Then he added: “Over the period ahead, further information should allow the Board to refine its assessment of the outlook for growth and inflation and to make any adjustment to the stance of policy that may be appropriate.”
Mr Stevens also said: “Several advanced economies have recorded improved conditions over the past year.”
However he added: “but conditions have become more difficult for a number of emerging market economies.
He said: “China’s growth rate has moderated further, though recent actions by Chinese policymakers are supporting the near-term outlook.”
The bank last cut its marker interest rate from 2 per cent, to a new record low of 1.75 per cent, in May.
Mr Stevens said: “Commodity prices are above recent lows, but this follows very substantial declines over the past couple of years.”
“Australia’s terms of trade remain much lower than they had been in recent years.”
He also noted the impact of Britain’s Brexit decision to leave the European Union but said nothing about Australia’s cliffhanger election, last Saturday.
Mr Stevens said global financial markets had been “volatile recently as investors have re-priced assets after the UK referendum.
“But most markets have continued to function effectively,” Mr Stevens added.
“Funding costs for high-quality borrowers remain low and, globally, monetary policy remains remarkably accommodative.
“Any effects of the referendum outcome on global economic activity remain to be seen and, outside the effects on the UK economy itself, may be hard to discern,” he concluded.
by Alan Thornhill
Australia’s trade deficit rose $433 million in May to $2,218 million.
This is shown in figures published by the Bureau of Statistics today.
The bureau also reported that Australia’s retail sales rose by 0.2 per cent in that month.
The bureau said that, on seasonally adjusted figures, Australia’s exports had been worth $26,170 million in May.
But imports had been worth $28,387 million.
So our trade deficit that month was 24 per cent bigger than that of the previous month.
Why did that happen?
Our exports rose by 1 per cent in May.
However our imports rose by 2 per cent in the month, on seasonally adjusted figures.
The Statistician also reports that we spent more in food stores and in Australia’s cafes and restaurants in May than we did in April.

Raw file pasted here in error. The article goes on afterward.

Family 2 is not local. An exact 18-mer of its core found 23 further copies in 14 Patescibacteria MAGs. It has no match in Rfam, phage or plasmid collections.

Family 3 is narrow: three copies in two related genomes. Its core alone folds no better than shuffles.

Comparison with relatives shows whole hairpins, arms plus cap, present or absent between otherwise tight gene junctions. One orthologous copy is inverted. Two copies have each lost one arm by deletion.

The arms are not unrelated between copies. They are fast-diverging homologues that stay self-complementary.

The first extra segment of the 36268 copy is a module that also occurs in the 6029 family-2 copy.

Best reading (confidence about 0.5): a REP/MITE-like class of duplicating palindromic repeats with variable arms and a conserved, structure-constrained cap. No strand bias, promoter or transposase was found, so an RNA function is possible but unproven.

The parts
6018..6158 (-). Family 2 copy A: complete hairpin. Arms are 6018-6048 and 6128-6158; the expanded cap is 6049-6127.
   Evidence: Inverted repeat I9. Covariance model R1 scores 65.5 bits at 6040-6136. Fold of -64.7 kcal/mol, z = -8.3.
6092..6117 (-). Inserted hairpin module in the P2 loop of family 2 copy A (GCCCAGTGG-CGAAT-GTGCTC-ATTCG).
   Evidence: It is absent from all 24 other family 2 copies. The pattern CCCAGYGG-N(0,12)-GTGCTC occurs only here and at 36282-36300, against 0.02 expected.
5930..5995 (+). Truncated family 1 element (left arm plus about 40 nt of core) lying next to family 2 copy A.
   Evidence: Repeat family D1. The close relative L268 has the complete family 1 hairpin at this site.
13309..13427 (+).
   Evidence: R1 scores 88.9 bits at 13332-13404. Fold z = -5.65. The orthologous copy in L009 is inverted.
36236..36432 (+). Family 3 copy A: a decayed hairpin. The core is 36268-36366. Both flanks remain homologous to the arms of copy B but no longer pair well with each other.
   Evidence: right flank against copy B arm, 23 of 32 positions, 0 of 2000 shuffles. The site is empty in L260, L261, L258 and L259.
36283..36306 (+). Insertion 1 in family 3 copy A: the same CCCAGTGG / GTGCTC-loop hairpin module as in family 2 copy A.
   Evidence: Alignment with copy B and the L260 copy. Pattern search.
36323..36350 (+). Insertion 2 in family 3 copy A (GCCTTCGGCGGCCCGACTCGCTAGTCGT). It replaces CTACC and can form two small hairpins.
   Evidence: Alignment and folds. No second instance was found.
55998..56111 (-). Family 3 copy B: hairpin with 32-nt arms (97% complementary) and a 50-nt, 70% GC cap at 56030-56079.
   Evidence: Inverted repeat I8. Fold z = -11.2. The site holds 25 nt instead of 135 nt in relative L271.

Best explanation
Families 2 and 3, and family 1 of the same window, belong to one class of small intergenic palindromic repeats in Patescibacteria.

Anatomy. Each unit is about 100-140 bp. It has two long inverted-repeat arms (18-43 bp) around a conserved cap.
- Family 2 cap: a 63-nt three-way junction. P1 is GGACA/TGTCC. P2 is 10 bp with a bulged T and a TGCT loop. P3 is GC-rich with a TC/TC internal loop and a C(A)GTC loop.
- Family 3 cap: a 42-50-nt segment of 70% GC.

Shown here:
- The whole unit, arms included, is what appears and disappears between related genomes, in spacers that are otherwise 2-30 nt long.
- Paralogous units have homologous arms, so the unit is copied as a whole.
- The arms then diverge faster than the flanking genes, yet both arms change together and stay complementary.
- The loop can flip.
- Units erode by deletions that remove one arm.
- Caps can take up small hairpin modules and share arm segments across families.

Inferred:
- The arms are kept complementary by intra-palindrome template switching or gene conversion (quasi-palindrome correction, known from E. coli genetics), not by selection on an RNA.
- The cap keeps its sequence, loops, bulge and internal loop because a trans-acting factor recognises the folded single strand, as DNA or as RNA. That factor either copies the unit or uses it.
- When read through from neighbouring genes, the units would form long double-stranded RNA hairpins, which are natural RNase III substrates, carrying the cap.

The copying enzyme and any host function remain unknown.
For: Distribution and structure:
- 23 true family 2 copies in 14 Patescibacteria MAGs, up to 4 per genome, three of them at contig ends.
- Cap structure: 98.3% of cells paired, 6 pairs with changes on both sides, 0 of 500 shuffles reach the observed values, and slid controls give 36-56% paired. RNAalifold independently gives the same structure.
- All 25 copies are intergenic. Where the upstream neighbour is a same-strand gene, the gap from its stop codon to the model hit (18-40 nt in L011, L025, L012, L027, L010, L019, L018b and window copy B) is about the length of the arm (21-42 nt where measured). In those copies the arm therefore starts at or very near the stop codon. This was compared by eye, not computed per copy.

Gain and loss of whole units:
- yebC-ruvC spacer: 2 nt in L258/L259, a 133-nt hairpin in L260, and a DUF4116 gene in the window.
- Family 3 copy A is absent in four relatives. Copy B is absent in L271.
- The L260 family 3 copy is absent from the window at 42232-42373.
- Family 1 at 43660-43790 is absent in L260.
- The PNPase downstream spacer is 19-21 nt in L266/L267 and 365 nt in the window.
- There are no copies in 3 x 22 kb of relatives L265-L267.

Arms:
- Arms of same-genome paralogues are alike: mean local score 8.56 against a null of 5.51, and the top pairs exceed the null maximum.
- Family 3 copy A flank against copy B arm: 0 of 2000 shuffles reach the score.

But trade in Department stores was flat and we spent less on shoes and clothes in May than we had in April.
Weathercoast by Alan Thornhill
A novel on the murder of seven young Anglican Christian Brothers in the Solomon Islands.
Available now on the iTunes store.
Alan Thornhill is a parliamentary press gallery journalist.
Private Briefing is updated daily with Australian personal finance news, analysis, and commentary.
|Bhp Blt Fpo||23.92||-0.72||-2.92%|
|Cwlth Bank Fpo||82.71||-1.71||-2.03%|
The News This Week
- Postscript 1 – Australia in the age of Trump
- Thank you
- The news: Friday January 20
- Scrap debt reduction plan:Greens
- How prices are moving:ABS
- Trade:Trump warned
- The News: Wednesday January 14
- It’s one rule for them…and
- The news:Wednesday January 11
- Retail growth flattens
- The news:Tuesday January 10
- The news:Monday January 9
- The news: Sunday January 8
- Don’t come the raw prawn with us:Barnaby
- The news: Friday January 6
- agriculture (203)
- Airlines (329)
- Banking (3,951)
- Business (4,227)
- climate (107)
- Communications (127)
- corruption (33)
- crime (84)
- defence (105)
- Diplomacy (106)
- disability (19)
- Disaster (180)
- Economics (4,246)
- education (177)
- employment (435)
- Environment (214)
- farms (135)
- Financial advice (3,783)
- Health (266)
- Housing (1,094)
- Inflation (662)
- Insurance (155)
- Investment (3,169)
- Law (34)
- manufacturing (203)
- Markets (3,121)
- Media (157)
- medical (152)
- mining (577)
- pay (348)
- pensions (121)
- Politics (4,585)
- population (1,228)
- property (138)
- Regulation (1,460)
- retail (113)
- retirement (207)
- rural (68)
- Rural australia (185)
- Security (66)
- Social security (497)
- Superannuation (324)
- Tax (672)
- terrorism (29)
- The latest (1,519)
- Trade (1,572)
- transport (112)
- Uncategorized (1,005)
- welfare (219)